The control in the game is perfect for a platform game. It is tight, concise, and immediately responsive. You never feel like you don't have control over your player, which further helps in establishing that much needed connection between the player and their on-screen alter ego.
The game is also huge. While I've never met a game that surpassed excellent games like Yoshi's Island in terms of length and depth, Dracula X gives these games a run for their money. It's nice that Konami gives the player a huge castle to explore, full of secret passageways and monsters, but if you complete the castle entirely, a gateway opens up for you to go up into a SECOND castle, full of new monsters, effectively doubling the size of the game. And as most of you already know, you have the option of playing the game as Richter (as opposed to Alucard) if you achieve 200%.
"So, what's wrong with this game?" you might be asking yourselves, after seeing 2 sterling reviews. The game is not without its faults. The most glaring problem with this game is the difficulty of the area bosses. Aside from a certain boss (those of you who meet him will KNOW the pain that this guy is capable of dishing out), literally ALL of the area bosses are defeated easily, including the final boss in the game (I beat him the first time I met him only losing about 180HP out of approximately 700HP). Luckily, this game has massive diversity in its levels, monsters, and bosses to help you overlook a problem like this. Aside from the aforementioned boss, I never felt like my character was in any danger. In fact, some of the regular monsters roaming the halls do more damage than most of the bosses. Their attack patterns are also very predictable, and within 1 pass, you can tell what they're going to do. This is pretty much my main gripe, and it didn't really detract from the overall experience of this game. Those of you looking for really challenging bosses will not find them in this game. Those of you looking for a gorgeous adventure through one of the best programmed platformers of the past year should look no further.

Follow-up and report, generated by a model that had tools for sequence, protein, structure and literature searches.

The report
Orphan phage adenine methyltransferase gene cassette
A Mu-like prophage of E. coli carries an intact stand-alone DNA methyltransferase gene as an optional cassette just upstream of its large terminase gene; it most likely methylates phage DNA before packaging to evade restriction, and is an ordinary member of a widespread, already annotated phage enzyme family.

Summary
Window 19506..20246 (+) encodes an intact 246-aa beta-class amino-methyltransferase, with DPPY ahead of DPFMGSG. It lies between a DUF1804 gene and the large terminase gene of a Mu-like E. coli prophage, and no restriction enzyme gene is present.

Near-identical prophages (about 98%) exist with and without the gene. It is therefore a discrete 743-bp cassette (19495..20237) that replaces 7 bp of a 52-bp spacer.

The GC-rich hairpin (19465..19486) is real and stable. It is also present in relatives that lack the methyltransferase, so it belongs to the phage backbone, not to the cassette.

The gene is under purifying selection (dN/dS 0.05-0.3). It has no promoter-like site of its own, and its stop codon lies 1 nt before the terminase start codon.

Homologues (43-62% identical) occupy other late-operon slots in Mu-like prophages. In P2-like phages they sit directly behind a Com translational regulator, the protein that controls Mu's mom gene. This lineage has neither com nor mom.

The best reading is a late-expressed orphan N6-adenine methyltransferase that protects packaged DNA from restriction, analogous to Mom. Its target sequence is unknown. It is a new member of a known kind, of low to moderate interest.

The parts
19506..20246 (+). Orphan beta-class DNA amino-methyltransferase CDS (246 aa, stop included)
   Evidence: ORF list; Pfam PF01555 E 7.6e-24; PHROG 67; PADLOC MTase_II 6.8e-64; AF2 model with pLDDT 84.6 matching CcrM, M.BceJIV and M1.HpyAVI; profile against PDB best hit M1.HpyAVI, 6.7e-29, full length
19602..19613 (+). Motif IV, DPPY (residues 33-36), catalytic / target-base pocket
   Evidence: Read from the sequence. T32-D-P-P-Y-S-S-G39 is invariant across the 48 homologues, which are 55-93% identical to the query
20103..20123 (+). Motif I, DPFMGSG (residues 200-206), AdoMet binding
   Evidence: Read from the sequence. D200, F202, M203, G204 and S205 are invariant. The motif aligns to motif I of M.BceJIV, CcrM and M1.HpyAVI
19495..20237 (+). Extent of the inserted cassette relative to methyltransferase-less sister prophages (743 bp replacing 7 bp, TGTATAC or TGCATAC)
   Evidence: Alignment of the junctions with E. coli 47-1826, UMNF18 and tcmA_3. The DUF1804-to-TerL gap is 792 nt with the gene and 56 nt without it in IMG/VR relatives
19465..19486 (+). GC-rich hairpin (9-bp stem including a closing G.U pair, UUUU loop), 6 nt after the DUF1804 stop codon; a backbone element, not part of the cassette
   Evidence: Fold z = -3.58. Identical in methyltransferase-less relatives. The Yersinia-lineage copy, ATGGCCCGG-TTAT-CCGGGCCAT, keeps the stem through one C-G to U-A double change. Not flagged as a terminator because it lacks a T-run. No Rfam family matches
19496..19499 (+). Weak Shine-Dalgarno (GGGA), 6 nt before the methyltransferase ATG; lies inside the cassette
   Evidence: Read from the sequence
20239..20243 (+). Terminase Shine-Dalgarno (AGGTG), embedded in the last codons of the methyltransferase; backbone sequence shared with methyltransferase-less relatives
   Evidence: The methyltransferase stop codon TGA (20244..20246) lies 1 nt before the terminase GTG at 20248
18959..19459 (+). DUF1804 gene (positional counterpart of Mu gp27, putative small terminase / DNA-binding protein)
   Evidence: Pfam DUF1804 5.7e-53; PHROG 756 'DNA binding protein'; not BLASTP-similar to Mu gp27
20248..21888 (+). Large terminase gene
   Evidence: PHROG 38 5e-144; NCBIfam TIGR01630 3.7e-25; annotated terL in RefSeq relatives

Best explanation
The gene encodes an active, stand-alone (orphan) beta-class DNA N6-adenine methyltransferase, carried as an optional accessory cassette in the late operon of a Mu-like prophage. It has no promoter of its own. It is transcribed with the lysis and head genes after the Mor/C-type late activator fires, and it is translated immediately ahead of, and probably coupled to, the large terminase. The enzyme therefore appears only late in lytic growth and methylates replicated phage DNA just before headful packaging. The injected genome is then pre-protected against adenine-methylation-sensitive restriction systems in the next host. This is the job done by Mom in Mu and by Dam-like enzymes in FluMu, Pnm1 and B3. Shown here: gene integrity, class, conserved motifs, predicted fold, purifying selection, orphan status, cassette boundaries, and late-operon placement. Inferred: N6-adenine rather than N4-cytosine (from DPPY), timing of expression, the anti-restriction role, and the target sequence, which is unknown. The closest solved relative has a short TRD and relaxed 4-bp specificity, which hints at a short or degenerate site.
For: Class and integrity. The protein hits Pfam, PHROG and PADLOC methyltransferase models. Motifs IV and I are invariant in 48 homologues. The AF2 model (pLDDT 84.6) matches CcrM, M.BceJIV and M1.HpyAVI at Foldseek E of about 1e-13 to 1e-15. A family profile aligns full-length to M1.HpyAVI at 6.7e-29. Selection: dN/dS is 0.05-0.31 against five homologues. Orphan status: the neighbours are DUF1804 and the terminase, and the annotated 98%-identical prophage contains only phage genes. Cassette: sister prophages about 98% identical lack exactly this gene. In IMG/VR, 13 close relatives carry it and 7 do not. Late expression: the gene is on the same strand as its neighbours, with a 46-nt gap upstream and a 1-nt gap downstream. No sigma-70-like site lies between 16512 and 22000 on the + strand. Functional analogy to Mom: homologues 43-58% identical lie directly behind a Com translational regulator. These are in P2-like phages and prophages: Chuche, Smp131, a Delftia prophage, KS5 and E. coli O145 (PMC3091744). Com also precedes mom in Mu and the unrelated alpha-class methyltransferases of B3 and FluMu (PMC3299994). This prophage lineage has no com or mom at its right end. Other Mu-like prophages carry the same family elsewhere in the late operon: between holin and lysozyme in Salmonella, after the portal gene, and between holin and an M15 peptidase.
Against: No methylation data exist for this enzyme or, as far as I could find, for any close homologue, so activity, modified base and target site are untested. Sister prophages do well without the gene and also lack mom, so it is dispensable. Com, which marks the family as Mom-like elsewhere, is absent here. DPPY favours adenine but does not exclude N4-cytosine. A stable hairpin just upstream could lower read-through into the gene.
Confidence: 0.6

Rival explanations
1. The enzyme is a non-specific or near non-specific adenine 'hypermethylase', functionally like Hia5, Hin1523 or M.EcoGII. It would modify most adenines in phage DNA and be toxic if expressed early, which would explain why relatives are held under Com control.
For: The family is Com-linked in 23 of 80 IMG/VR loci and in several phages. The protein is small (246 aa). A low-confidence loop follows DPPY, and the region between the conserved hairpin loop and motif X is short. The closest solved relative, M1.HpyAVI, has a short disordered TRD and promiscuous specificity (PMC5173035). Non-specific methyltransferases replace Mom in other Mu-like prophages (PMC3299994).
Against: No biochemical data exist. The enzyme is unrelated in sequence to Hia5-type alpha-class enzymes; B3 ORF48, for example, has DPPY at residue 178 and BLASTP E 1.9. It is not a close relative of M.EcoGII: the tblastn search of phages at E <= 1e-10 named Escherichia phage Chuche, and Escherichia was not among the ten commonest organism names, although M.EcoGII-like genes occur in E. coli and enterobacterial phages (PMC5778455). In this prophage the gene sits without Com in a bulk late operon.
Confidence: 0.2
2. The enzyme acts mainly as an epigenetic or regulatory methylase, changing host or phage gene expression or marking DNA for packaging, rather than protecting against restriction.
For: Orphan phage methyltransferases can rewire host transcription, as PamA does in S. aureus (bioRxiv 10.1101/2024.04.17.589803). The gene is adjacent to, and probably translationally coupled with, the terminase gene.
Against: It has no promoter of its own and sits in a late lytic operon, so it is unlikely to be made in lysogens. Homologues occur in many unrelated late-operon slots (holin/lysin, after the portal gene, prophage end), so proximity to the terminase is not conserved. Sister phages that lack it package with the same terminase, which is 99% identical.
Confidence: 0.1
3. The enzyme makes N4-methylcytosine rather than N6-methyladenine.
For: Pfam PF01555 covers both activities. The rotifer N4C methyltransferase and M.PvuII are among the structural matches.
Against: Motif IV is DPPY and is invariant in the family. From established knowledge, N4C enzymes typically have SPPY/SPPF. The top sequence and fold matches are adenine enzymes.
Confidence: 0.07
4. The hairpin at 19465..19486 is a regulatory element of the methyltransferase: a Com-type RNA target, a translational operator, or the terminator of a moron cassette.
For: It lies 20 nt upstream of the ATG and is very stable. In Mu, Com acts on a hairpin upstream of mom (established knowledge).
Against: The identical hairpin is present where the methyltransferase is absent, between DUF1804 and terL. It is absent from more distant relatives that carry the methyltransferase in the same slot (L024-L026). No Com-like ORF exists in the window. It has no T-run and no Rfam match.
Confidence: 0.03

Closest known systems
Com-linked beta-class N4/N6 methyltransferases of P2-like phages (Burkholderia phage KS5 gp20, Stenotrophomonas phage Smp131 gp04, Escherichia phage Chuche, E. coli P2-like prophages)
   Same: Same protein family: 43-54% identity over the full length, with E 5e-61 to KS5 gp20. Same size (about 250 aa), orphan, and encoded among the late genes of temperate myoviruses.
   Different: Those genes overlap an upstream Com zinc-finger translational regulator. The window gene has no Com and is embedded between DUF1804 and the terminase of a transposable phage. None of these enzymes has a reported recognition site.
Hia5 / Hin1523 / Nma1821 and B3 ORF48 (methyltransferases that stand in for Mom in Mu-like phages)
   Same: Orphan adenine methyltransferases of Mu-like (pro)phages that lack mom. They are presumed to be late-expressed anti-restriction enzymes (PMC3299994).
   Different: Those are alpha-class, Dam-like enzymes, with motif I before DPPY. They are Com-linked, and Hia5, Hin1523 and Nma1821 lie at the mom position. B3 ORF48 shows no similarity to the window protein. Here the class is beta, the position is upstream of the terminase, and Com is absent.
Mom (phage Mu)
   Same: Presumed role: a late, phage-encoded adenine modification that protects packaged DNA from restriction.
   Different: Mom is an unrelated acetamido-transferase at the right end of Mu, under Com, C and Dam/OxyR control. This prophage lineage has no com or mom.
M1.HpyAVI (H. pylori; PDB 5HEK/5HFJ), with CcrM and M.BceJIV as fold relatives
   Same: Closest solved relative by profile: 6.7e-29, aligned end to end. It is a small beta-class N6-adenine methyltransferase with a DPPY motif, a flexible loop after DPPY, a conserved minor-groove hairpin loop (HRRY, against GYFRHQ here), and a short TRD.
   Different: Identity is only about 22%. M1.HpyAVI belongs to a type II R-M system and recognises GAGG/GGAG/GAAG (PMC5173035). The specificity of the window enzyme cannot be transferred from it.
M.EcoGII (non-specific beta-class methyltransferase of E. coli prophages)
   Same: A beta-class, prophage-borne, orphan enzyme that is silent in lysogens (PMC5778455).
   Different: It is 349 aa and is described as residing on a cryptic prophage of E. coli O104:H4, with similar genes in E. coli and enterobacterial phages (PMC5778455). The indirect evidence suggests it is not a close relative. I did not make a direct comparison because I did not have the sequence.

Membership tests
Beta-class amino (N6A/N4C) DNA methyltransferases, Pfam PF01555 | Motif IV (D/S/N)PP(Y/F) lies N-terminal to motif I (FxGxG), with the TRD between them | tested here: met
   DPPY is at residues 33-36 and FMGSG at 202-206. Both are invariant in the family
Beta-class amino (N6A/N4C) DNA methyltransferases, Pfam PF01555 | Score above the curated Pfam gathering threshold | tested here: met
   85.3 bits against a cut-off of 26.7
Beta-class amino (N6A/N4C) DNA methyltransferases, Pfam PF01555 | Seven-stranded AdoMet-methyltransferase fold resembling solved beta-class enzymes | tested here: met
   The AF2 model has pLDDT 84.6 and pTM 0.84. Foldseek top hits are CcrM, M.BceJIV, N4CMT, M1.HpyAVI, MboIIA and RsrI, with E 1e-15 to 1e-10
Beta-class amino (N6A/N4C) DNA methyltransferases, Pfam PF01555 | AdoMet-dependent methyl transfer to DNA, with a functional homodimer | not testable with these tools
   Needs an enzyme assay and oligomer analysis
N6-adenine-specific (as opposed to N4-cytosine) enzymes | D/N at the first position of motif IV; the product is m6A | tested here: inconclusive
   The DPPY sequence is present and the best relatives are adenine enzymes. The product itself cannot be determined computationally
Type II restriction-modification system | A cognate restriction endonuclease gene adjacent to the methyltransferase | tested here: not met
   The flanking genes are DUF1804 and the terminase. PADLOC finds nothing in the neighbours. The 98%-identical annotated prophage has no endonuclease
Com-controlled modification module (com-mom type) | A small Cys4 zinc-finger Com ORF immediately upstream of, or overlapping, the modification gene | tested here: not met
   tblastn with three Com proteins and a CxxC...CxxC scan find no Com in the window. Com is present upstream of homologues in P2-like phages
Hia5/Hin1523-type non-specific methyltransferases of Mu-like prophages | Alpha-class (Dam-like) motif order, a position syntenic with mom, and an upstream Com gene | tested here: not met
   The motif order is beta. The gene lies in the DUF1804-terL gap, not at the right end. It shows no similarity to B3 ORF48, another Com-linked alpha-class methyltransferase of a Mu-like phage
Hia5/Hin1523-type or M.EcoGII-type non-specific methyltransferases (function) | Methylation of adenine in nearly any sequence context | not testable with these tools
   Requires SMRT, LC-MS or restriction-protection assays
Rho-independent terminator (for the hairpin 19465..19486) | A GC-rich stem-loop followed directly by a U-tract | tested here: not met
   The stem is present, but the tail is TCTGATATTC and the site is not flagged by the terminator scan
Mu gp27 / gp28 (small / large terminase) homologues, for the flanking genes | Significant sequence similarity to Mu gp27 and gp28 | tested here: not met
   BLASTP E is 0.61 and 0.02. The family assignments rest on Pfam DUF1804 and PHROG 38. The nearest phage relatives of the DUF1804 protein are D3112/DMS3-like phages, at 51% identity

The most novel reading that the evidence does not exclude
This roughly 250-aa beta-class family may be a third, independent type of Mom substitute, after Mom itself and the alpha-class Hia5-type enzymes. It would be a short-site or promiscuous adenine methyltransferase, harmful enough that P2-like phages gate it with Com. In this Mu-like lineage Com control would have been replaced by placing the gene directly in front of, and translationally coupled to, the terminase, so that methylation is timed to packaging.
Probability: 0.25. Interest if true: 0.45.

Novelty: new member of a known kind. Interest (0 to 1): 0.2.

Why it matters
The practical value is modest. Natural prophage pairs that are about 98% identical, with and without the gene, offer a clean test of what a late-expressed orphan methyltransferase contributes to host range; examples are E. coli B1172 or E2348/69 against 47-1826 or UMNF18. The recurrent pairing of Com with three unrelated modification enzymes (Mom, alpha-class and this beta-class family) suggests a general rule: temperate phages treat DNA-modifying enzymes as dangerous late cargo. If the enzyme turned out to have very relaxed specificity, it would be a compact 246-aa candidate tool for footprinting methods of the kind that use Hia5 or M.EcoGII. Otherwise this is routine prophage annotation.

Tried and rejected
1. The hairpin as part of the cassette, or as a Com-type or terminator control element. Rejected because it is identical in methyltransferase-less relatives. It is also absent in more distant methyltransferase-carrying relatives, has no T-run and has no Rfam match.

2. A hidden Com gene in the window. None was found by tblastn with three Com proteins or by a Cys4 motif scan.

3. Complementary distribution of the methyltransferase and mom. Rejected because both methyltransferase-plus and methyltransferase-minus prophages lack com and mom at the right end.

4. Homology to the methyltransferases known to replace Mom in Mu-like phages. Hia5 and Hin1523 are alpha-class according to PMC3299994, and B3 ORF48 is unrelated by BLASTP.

OPTIONS -- The game is full of them, and some of them you have to
purchase for the bargain price of $500,000. And believe me, building
up funds isn't a walk in the park. Konami thought of everything. From
the RPG-inspired "change window color" to assigning your keys while
in-game, to an entire slew of other options (you can listen to interviews
with the voice actors and actresses as well!), this game never leaves
you wondering, "Now, why didn't they put
Since most of you will be paying upwards of $70-$80 for this title, the question you're probably asking yourself is, "Is it really worth that much?" Well, aside from the obvious answer I would give you, there are also additional incentives to purchase this title. First of all, it comes with a 16-track CD with music from all previous Dracula titles (each track has anywhere from approximately 3-8 different tunes, so you're actually getting a really large collection of game music, not just 16 songs). This CD, if sold in stores, would probably cost you about $27-$30, so the game is already a bargain. Additionally, you receive a gorgeous 32-page art/manga book containing the work of Kojima Ayami, the character designer for this game. Again, perhaps a $10 value, included in the Y5,800 package for free. This game is an absolute steal.
All in all, if you like platformers, or only slightly like platformers, you really do owe it to yourself to buy this game. This is the best offering from Konami since Tokimeki Memorial, and I can only imagine what Contra COULD HAVE been had KCET done the development on it instead of Konami UK. The music is worth the price of admission, and if any of you grew up with a FC, this will be a blast of nostalgia, although it isn't a game that relies on the feelings of the past to be enjoyed. This game is an instant classic. It's unfortunate that it isn't selling very well in Japan, but hopefully Castlevania's popularity in the US will help to boost sales of this incredible game when Konami US releases it stateside.
+ seamless blending of 2D and 3D.
+ in-game music is among the best ever.
+ tight, responsive control.
Please email me with comments or questions about my review. Thank you for your time.